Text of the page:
Caption: This time-lapse documents the trajectory of the iconic Big Dipper across three frames taken in July 2020. Captured from three locations in Italy, Tre Cime di Lavaredo Auronzo di Cadore, Monte Rite, Cibiana di Cadore, and Casera Razzo, Vigo di Cadore, this visual odyssey showcases the captivating journey of the Big Dipper with the addition of trails of stars painting a celestial canvas. It not only traces the path of this renowned asterism but also features the rare appearance of comet Neowise C/2020 F3, an extraordinary event that graced our skies during July 2020.
Credit: Giorgia Hofer/IAU OAE (CC BY 4.0)

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The sky rotates around one star that appears fixed. Bubbles and swirls of green aurorae fill the foreground

The Big Dipper in the Polar Night

Caption: Step into the cosmic theatre of Iceland’s northern skies in this time-lapse where the illustrious Big Dipper commands attention, tracing an almost complete circle around Polaris — an exquisite sight that is not visible from mid-latitudes. This time-lapse, captured through fisheye lenses, reveals the timeless choreography of the Big Dipper, vividly illustrating its celestial waltz. Amidst this spectacle, the Arctic night reveals its grandeur, painting a panoramic canvas that showcases not just the celestial journey of this iconic asterism but also the ethereal dance of the Northern Lights. In this breathtaking tapestry, the Big Dipper takes centre stage against the mesmerising backdrop of the Icelandic nightscape, adorned by the vibrant hues of the Aurora Borealis.
Credit: Stephanie Ziyi Ye/IAU OAE (CC BY 4.0)

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The dish of a radio telescope rotates as the Big Dipper moves in the sky behind.

The Big Dipper with the Sardinia Radio Telescope SRT

Caption: This time-lapse captures the movement of the stars alongside the majestic 64-metre Sardinia Radio Telescope (SRT) from the National Institute of Astrophysics (INAF), with special attention to the renowned Big Dipper against the backdrop of the celestial sphere. The camera pans as the famous asterism sinks in the sky while planes fly past and the radio telescope rotates. The harmonious interplay between the stellar pathways and the colossal dish of the radio telescope creates a mesmerising visual ode to the cosmic ballet taken in September 2019.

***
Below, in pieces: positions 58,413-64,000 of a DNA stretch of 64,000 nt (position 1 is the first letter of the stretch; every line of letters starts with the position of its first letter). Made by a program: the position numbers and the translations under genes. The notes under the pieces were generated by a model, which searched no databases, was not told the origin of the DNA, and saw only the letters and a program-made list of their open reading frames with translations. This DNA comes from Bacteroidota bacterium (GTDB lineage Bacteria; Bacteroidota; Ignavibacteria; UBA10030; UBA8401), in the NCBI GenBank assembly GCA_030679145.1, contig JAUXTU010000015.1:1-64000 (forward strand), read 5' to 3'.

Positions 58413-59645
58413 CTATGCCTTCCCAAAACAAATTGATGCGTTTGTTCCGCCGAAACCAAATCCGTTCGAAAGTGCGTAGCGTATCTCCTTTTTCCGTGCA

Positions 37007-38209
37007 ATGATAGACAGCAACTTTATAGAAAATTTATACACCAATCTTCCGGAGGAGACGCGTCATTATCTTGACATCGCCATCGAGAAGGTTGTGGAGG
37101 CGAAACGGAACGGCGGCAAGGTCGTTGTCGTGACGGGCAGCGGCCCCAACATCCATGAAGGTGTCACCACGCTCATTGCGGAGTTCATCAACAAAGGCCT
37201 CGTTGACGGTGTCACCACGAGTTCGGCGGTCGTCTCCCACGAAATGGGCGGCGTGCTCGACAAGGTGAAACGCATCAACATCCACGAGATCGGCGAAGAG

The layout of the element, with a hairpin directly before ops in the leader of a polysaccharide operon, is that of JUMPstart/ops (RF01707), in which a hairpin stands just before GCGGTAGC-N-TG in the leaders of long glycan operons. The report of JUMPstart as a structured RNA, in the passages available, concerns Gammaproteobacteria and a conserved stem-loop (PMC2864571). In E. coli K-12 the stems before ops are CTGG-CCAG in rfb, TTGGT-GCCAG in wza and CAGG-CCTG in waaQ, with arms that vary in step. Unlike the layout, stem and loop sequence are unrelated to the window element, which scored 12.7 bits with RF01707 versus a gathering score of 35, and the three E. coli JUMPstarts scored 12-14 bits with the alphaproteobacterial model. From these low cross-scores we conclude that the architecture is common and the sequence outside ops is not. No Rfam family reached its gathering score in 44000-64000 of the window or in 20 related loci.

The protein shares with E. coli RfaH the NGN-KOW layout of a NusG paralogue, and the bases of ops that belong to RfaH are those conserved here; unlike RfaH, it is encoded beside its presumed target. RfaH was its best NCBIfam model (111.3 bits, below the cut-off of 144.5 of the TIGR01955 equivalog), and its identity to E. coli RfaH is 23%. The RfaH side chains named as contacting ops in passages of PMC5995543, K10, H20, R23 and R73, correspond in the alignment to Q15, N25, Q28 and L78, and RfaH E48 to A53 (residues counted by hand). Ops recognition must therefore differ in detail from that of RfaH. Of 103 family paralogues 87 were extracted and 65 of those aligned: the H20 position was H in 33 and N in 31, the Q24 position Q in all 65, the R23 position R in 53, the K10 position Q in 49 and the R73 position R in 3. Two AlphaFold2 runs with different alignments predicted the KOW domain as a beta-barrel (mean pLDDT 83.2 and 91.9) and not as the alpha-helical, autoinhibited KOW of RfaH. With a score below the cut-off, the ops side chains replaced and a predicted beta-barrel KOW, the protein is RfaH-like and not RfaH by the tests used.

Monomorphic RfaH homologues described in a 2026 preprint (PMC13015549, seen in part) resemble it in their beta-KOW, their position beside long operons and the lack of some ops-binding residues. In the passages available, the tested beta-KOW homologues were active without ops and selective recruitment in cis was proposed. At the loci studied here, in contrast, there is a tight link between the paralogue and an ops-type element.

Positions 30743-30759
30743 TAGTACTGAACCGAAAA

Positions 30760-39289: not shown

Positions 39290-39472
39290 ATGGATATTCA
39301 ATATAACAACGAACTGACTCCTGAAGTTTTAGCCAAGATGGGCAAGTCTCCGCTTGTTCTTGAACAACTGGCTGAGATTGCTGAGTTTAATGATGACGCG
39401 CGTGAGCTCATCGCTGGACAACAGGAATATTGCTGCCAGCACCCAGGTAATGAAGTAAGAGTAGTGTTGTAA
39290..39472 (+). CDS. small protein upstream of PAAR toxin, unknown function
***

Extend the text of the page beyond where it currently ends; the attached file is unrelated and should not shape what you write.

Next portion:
Credit: Antonio Finazzi/IAU OAE (CC BY 4.0)

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The Big Dipper sinks in the sky with the handle sweeping out a larger circle than the bowl of the asterism.

Big Dipper Over the Mono Lake

Caption: The Big Dipper asterism gracefully moves above the otherworldly tufa formations of Mono Lake, California. The time-lapse captures the Big Dipper’s movement across the northern horizon until its inferior conjunction. At Mono Lake’s latitude (+38°), the stars of the Big Dipper remain circumpolar, except for Alkaid. The North Star sits 38° above the horizon, just outside the field of view in the top right. The lunar illumination bathes the landscape in a soft glow, gradually fading as the Moon sets, cloaking the scene in darkness.
Credit: Fabrizio Melandri/IAU OAE (CC BY 4.0)

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Timelapses of rotating skies behind trees, telescopes, mountains and observatories

The Rotating Planet

Caption: A cosmic journey unfolds across continents in this time-lapse video which captures both iconic constellations from diverse corners of the world. Starting in China, the Big Dipper graces the night sky, a steadfast guide embedded in cultural narratives. Its luminance marks the beginning of this celestial odyssey. The two pointer stars on the end of the Big Dipper point to the North Star (Polaris) which appears to remain stationary as the sky rotates. From Nepal’s lofty peaks, the Big Dipper’s familiarity persists, a reliable fixture in the shifting panorama of the rotating planet. Moving to Chile, the Southern Cross adorns the firmament, emblematic of the southern skies. Frames from Chile showcase this constellation accompanied by the Milky Way Galaxy. In Namibia, a telescope from the H.E.S.S. Observatory appears in the video. Later, nestled beneath sheltering trees, the Big Dipper persists in its celestial prominence, appearing against a canvas of stars. Using varied techniques — fisheye lenses, static cameras, and Earth's movement-tracking — each frame unveils the Cross’s grandeur against diverse landscapes. These sequences — marked by star trails and Earth’s rotation—highlight the enduring presence of the Big Dipper and Southern Cross, bridging cultures and celestial beauty across hemispheres.
Credit: Jianfeng Dai/IAU OAE (CC BY 4.0)

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Related Activities

Moving constellations

Moving constellations

astroEDU educational activity (links to astroEDU website)
Description: Let's learn how stars in constellations move through time using real astronomical images.

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Tags: Software , Data analysis , stellarium , gaia , hipparcos , ursa major
Age Ranges: 10-12 , 12-14 , 14-16 , 16-19 , 19+
Education Level: Middle School , Secondary
Areas of Learning: Guided-discovery learning , Observation based , Technology-based
Costs: Free
Duration: 3 hours
Skills: Analysing and interpreting data , Asking questions , Communicating information , Developing and using models , Engaging in argument from evidence